Entering training camp, the Miami Dolphins had more than 10 free-agent signees on their roster.
Today, only three of those signings are on the active roster.
Jeff Ireland doesn't deserve all of the harsh criticism thrown his way, but this is indicative of his offseason failures.
But, of course, if Ryan Tannehill succeeds, then all will be forgotten.
Anyway, the Dolphins—after adding Anthony Armstrong and R.J. Stanford just prior to the start of the regular season—now have five free-agent signings on the active roster. Now that one fourth of the 2012 season is in the books, it's time to check in and see how these acquisitions are faring.
The Dolphins delegated Marcus Thigpen solely to return duties upon the outset of the regular season.
So far, he has been both brilliant and boneheaded.
In Week 1, Thigpen sliced through the Texans' punt coverage unit en route to a 73-yard return touchdown—the Dolphins' first since 2007. By the end of Week 3, he was averaging 25.4 yards per kickoff return, which ranked him 10th amongst players who returned more than five kickoffs.
And, his 17.7 yards-per-punt return average ranked him first amongst players who returned more than five punt returns.
Thigpen took a step back against the Cardinals on Sunday, however. He returned only one punt for zero yards and used some very questionable judgement when fielding others—which ultimately buried the Dolphins deeper into their own territory.
Overall, though, Thigpen is a pleasant surprise, and he's the best return man in recent franchise history.
Last year, Jorvorskie "J-Train" Lane was a 304-pound furniture truck driver.
Now, he's a 258-pound NFL fullback.
And Lane isn't just any fullback—he's emerging as one of the best in the league.
After four weeks, Lane grades as Pro Football Focus' 11th-ranked fullback. He is largely responsible for Reggie Bush's rampant success, and he's even contributing on offense, recording a pair of goal-line touchdowns and two receptions for 25 yards.
Desperate for some help at wide receiver, the Dolphins claimed Anthony Armstrong off waivers just prior to Week 1.
Although Armstrong's two-year stint with the Redskins was mostly uneventful, he immediately stepped into a prominent role in the Dolphins offense. He couldn't have asked for a better opportunity to establish himself as a viable weapon, but instead, he has been a ghost.
Through three games, Armstrong has a measly three receptions.
In Miami's Week 3 loss to the Jets, he dropped three passes and caught only two of the six passes thrown his way.
Armstrong is yet to prove that he's anything more than a substandard backup wide receiver.
The Dolphins cut Legedu Naanee on Tuesday, according to Adam H. Beasley of The Miami Herald, but let's quickly recap just how disastrous his brief tenure was.
In four games, Naanee registered 121 snaps. He was targeted five times and caught one pass. On his first target of the season, he let Texans cornerback Johnathan Joseph undercut him and intercept the pass. On his fifth and final target, he reeled in a pass and then promptly fumbled the ball.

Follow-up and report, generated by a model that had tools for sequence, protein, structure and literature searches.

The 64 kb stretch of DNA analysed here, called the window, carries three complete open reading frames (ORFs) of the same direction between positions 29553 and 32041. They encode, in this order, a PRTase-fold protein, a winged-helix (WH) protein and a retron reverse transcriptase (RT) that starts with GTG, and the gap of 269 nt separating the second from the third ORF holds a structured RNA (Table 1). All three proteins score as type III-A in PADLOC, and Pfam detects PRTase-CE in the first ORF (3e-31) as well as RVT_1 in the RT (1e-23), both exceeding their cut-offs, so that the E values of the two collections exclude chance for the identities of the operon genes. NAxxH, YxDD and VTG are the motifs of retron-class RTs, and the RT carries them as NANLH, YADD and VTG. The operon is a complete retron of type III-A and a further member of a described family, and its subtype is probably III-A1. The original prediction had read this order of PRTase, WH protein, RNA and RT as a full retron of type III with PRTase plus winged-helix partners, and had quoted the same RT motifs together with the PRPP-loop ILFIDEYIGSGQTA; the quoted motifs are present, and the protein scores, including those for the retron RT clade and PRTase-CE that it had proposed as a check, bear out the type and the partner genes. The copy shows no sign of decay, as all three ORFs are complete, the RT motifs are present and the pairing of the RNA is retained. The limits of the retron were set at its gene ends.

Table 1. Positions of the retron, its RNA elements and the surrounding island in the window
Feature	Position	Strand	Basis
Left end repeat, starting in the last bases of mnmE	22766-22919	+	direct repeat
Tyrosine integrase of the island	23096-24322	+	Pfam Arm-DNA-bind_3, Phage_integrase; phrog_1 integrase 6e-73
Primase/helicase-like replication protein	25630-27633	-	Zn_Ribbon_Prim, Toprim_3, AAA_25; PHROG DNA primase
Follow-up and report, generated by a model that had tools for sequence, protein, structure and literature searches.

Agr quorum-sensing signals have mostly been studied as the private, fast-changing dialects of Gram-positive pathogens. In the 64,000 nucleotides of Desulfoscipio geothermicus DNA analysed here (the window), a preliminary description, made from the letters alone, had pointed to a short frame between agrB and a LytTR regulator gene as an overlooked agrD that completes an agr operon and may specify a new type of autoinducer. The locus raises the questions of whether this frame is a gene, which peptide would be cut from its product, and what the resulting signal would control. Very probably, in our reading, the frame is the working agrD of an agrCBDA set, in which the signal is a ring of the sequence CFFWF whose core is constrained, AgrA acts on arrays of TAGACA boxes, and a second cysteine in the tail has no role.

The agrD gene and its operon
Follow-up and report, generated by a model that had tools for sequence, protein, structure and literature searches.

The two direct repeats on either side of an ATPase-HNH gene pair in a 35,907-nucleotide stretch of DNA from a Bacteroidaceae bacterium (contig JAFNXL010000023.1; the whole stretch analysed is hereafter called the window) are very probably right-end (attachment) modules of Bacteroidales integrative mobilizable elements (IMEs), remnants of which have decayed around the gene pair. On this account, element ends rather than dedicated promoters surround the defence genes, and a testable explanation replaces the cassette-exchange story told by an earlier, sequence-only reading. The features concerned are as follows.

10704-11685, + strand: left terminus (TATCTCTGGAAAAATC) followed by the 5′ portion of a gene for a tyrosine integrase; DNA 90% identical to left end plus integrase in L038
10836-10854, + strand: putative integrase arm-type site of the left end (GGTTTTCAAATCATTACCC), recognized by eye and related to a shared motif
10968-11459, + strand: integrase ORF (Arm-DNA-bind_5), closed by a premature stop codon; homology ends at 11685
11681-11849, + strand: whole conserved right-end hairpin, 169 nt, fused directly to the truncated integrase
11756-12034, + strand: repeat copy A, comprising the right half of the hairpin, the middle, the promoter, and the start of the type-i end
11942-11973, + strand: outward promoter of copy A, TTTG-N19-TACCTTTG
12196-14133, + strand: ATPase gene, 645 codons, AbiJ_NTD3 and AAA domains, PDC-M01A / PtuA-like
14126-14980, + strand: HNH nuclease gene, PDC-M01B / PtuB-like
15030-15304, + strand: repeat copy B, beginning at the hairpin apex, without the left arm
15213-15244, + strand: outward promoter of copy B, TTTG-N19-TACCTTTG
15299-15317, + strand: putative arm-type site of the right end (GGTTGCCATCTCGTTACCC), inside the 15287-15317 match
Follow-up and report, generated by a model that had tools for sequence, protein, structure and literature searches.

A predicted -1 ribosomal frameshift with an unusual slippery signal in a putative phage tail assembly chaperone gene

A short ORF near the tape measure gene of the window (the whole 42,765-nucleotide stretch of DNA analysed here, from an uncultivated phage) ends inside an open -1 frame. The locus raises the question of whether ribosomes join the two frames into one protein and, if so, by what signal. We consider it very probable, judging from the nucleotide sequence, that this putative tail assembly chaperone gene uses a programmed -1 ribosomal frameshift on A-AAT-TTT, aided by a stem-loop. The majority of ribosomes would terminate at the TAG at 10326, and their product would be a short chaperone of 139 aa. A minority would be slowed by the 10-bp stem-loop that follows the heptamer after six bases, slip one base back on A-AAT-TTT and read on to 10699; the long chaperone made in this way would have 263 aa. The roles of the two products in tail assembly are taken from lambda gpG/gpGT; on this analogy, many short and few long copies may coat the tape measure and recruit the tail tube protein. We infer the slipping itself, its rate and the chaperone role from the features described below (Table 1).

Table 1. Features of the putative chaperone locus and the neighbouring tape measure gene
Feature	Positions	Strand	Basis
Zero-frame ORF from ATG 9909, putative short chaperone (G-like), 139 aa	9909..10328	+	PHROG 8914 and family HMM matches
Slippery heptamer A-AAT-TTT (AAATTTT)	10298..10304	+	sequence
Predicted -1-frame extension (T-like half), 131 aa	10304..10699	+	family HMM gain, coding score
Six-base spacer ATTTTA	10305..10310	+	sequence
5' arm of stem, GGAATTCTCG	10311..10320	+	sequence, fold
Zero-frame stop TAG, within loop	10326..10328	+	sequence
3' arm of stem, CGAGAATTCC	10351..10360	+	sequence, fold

Naanee will go down in Dolphins' infamy as a monumental disappointment.
Artis Hicks held down the starting right guard spot from the outset of training camp well into the preseason, but an untimely neck injury sent him to injured reserve.
Miami's coaching staff appeared to view Hicks as a viable starting offensive guard; however, his injury may have been a blessing in disguise.
When Hicks went down, the Dolphins gave John Jerry one last chance to redeem himself, and he has. Granted, Jerry hasn't been spectacular by any means, he is becoming a steady and reliable presence on the offensive line.
In fact, Pro Football Focus ranks him 36th amongst NFL offensive guards, which is far greater than anybody could have conceived before the regular season.
The Dolphins inked Richard Marshall to a three-year, $15 million deal back in March, which has proven to be a mistake, thus far.
After four games, Marshall ranks 85th amongst cornerbacks (per Pro Football Focus). He has been thrown at 23 times and yielded 14 receptions, including a 46-yard touchdown to Andre Roberts on Sunday and a 37-yard reception to Santonio Holmes in overtime of Week 3, which set up the Jets' game-winning field goal.
Marshall was outstanding against the run last season but has been only pedestrian against it this year, racking up 18 total tackles.
Miami signed Marshall to play nickelback, but he has been given a greater role due to Vontae Davis' departure. He deserves some time to adjust to this increased role and settle into this new setting, but so far, things are not going well.
The Dolphins scooped safety R.J. Stanford off the waiver one week before the regular season began.
So far, he has been delegated solely to special teams duties.
In fact, he's yet to play a single snap on defense.
Miami only appears to view Stanford as a special teams asset, but he has filled that role rather well. Through three games, he has registered 2.5 tackles—good, but not great.
Although Stanford won't contribute on defense, that's not what he's in Miami to do. He's here to bolster special teams coverage units, and that's exactly what he has done.